I'm not the slightest bit sympathetic to a marginal white male college applicant who loses out to a woman or a person of color (or both). Why? Because that candidate is just getting the barest whisper of a taste of how the deck has been stacked against anyone who isn't a white dude since, well, practically forever.

You don't create a just society by admitting that one group of people has historically gotten all sorts of advantages and perks, but moving forward everyone should be treated the same. That doesn't address the fact that that one group is lightyears ahead other groups because they've gotten a leg up for generations.

Instead, you have to tilt the scales in favor of groups that haven't gotten those historic advantages and keep them there until we, as a society, actually have a level playing field and not just "equality of opportunity," which is just another way of saying "I want to keep the massive head start I got by f*cking over your ancestors."

Is that "unjust" for the white guy who got passed over for a promotion and now has a new female boss? Maybe.

But society--and, by extension, that white guy--has been very comfortable with the unjustness of keeping women outside of the workforce, then outside of all but certain "feminine" jobs, and then outside of management positions over the years.

Any suffering and disadvantage that white guy thinks he's experiencing absolutely pales in comparison to the real suffering and disadvantage other groups have experienced throughout our history. He is literally a snowflake that's on top of an iceberg of social injustice.

Malor wrote:

You desperately want to punish opinions, but his opinion didn't hurt anyone. We discover truth by looking at all of them, not trying to turn someone into a f*cking unemployed pariah for disagreeing.

Others have covered this better. You're simply wrong in this.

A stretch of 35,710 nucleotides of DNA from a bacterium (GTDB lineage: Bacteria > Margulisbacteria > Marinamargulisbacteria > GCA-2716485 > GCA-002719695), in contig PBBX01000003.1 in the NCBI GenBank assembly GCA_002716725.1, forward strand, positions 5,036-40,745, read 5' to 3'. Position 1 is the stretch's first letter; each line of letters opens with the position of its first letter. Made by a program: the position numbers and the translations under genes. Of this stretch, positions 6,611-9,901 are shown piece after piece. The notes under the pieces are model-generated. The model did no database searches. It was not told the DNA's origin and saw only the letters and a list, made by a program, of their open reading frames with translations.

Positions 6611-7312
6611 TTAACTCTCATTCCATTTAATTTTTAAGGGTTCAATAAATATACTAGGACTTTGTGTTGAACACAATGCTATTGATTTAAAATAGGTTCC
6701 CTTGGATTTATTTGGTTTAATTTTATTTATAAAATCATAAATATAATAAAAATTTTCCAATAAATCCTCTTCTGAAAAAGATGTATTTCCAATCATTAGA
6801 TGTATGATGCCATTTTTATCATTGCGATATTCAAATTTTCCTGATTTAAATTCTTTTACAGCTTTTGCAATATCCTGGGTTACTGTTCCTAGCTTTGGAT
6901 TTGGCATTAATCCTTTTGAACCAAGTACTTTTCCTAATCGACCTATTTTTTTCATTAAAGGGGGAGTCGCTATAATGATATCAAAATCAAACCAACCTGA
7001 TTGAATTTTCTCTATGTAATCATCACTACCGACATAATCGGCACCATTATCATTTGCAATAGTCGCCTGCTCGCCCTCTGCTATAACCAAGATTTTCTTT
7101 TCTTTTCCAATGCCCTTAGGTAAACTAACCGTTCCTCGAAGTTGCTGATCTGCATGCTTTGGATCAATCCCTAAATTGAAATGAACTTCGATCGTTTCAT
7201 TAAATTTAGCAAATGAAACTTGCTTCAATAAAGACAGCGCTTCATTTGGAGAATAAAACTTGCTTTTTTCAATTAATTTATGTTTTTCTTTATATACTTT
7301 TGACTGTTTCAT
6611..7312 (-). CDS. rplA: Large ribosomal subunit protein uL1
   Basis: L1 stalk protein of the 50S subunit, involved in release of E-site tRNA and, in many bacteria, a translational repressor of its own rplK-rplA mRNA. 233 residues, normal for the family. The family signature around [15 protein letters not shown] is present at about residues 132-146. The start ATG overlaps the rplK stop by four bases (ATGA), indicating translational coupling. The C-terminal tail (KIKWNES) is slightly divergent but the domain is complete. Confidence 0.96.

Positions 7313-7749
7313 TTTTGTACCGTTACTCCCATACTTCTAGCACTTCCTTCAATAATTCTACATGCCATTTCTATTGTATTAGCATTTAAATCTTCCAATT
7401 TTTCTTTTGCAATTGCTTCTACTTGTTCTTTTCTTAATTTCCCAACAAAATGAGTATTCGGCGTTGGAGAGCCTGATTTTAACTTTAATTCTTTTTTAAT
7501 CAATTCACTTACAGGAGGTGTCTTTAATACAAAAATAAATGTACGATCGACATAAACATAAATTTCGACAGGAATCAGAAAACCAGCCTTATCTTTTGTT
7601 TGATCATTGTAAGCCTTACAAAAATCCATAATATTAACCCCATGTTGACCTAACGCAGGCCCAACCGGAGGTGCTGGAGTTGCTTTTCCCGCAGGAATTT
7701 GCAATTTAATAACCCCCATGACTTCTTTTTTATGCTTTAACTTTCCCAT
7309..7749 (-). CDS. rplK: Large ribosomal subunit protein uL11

And, again, I haven't turned Damore into an unemployed pariah. He did that all by himself.

Malor wrote:

What the hell happened to, "I disapprove of what you say, but I will defend to the death your right to say it?" We lose those values at our deepest peril. There has to be room for everyone. You're trying to drive out the racists and sexists, to shut them the f*ck up, because goddammit, you are right and they are wrong and they cannot be allowed to exist.

They don't have to tolerate you, either.

That quote is an expression of social privilege. It's literally "I disapprove of what you say, but I will defend to the death your right to say it because what you're saying really doesn't affect me in the least."

Damore's horrible ideas about women weren't just an opinion that didn't hurt anyone. There were plenty of tweets and media coverage of women being harmed by what he said. There were fantastic explanations by women here about how, specifically, Damore's "opinion" was bullsh*t and harmful.

As a society we don't lose anything in the least by making the next Damore think twice about saying that women are biologically inferior to men or that they're too neurotic to be managers. In fact by coming down hard on him gets our society closer to one of its actual core values: that everyone was created--and should be treated--as equals.